Yemen’s government and the Southern Transitional Council (STC) have started preparations for implementing military and security provisions of a long-delayed political deal signed between the two rival factions last year in Saudi Arabia.
Local military sources said on Thursday that the two-warring sides finally reached a consensus on ceasing hostilities and conducting troops redeployment in the country’s southern provinces ahead of declaring a new power-sharing government.
One source told Xinhua news agency that senior officers of the Saudi Arabia-led coalition backed by armoured vehicles arrived in the southern province of Abyan and began holding meetings with military leaders of the government and the STC.
“During the meetings, the Saudi officers discussed separating the forces of the two sides and conducting troops redeployment from the fighting areas in Abyan.
“The Saudi military observers will closely organise plans for withdrawing forces affiliated with the two sides from Abyan and other neighbouring towns within a week,” the source added.
Implementing the redeployment plans will be monitored and supervised by the Saudi officers who will also determine the future tasks of forces belonging to the two rival factions in southern Yemen, according to the official.
Amin Hussein, a spokesman for the government forces in Abyan, confirmed to Xinhua that their forces will begin withdrawal from the coastal city of Shuqrah which is located on the Arabian Sea according to the instructions given by the Saudi observing committee.
Military units loyal to Yemen’s government are based in Shuqrah and previously waged a series of offensives in an attempt to advance into the southern towns controlled by the STC, including the southern port city of Aden, but faced stiff resistance.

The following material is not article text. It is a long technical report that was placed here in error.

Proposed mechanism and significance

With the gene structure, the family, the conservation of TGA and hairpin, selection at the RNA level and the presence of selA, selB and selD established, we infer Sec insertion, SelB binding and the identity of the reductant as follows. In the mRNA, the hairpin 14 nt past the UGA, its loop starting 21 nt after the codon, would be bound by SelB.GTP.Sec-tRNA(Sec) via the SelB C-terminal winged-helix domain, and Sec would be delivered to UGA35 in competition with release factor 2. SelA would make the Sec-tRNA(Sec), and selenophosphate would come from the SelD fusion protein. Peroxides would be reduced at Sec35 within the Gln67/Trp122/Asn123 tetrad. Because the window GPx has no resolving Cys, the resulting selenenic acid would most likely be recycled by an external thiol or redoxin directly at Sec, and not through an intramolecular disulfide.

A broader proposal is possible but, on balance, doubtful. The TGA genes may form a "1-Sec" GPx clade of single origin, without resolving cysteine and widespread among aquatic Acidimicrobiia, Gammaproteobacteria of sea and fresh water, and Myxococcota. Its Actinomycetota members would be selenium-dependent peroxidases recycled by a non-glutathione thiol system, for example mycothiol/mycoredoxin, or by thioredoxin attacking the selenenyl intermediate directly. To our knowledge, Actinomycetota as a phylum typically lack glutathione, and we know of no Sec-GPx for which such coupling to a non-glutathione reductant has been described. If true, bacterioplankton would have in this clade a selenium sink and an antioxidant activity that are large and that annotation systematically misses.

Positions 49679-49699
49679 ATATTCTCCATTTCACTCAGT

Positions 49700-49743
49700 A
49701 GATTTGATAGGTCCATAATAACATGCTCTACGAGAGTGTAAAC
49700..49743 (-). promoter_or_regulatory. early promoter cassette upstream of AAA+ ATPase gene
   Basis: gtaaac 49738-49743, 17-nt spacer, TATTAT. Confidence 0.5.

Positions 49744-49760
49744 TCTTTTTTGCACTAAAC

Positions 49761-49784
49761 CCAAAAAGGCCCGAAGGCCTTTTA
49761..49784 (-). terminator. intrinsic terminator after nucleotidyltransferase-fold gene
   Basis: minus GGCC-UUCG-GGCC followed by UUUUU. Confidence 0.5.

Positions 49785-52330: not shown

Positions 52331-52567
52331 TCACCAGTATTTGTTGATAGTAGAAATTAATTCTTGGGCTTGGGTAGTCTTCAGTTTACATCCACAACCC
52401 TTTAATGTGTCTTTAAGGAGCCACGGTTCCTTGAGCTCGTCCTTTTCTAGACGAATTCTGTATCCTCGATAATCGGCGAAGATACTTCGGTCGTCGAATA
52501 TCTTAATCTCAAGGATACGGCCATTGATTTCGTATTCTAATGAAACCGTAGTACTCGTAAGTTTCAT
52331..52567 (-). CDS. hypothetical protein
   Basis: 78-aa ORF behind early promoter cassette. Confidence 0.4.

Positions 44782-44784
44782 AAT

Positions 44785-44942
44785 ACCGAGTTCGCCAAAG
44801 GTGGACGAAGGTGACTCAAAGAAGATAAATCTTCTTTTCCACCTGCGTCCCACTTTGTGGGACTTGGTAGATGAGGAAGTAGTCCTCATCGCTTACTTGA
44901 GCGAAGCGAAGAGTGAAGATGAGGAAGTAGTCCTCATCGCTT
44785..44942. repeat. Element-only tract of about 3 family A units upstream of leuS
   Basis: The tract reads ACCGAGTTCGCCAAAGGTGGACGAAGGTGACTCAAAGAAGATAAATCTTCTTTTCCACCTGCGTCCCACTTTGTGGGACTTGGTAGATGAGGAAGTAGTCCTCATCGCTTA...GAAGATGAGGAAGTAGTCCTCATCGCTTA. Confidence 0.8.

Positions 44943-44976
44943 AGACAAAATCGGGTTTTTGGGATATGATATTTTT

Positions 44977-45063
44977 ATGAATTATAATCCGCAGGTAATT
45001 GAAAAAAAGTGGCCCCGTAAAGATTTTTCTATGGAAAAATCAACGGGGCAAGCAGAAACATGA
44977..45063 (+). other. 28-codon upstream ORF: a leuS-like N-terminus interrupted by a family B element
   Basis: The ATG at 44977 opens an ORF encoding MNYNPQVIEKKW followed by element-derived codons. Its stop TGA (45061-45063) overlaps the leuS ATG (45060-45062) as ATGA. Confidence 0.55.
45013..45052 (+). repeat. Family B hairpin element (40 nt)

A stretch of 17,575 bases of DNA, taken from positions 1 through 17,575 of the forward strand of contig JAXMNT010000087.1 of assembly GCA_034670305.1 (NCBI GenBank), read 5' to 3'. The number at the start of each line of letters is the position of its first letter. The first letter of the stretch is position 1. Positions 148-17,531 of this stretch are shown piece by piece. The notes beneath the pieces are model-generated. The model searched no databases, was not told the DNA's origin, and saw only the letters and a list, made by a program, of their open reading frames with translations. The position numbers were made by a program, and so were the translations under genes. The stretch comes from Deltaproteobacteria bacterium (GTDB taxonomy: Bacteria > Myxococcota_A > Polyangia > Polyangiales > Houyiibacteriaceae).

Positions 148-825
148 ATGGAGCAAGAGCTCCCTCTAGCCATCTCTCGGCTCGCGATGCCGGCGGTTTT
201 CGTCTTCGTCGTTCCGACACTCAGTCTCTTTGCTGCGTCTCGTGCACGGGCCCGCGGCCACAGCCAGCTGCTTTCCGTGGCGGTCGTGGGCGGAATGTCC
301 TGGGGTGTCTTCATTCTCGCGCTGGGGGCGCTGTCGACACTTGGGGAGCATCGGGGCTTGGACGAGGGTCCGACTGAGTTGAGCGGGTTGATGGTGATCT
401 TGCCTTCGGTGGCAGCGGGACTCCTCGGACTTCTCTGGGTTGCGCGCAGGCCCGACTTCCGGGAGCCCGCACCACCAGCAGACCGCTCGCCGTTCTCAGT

Saudi Arabia’s official news agency reported that “all necessary arrangements have been completed to carry out the mechanism to accelerate the implementation of Riyadh Agreement”.
The Saudi Arabia-led coalition fighting Houthis in Yemen will also continue to support security units to carry out their essential duties of maintaining security and stability and fighting terrorist organisations, according to the Saudi agency.
Meanwhile, Nizar Haitham, the STC’s official spokesman, praised Saudi Arabia’s efforts that facilitated “the achievement of the final consensus on declaring the new power-sharing government”.
In 2019, Saudi Arabia persuaded the STC and the Yemeni government to hold reconciliation talks, which succeeded in reaching a deal to form a new technocratic cabinet of no more than 24 ministers.
The impoverished Arab country has been locked in a civil war since late 2014, when the Houthis overran much of the country and seized all northern regions including the capital city of Sanaa.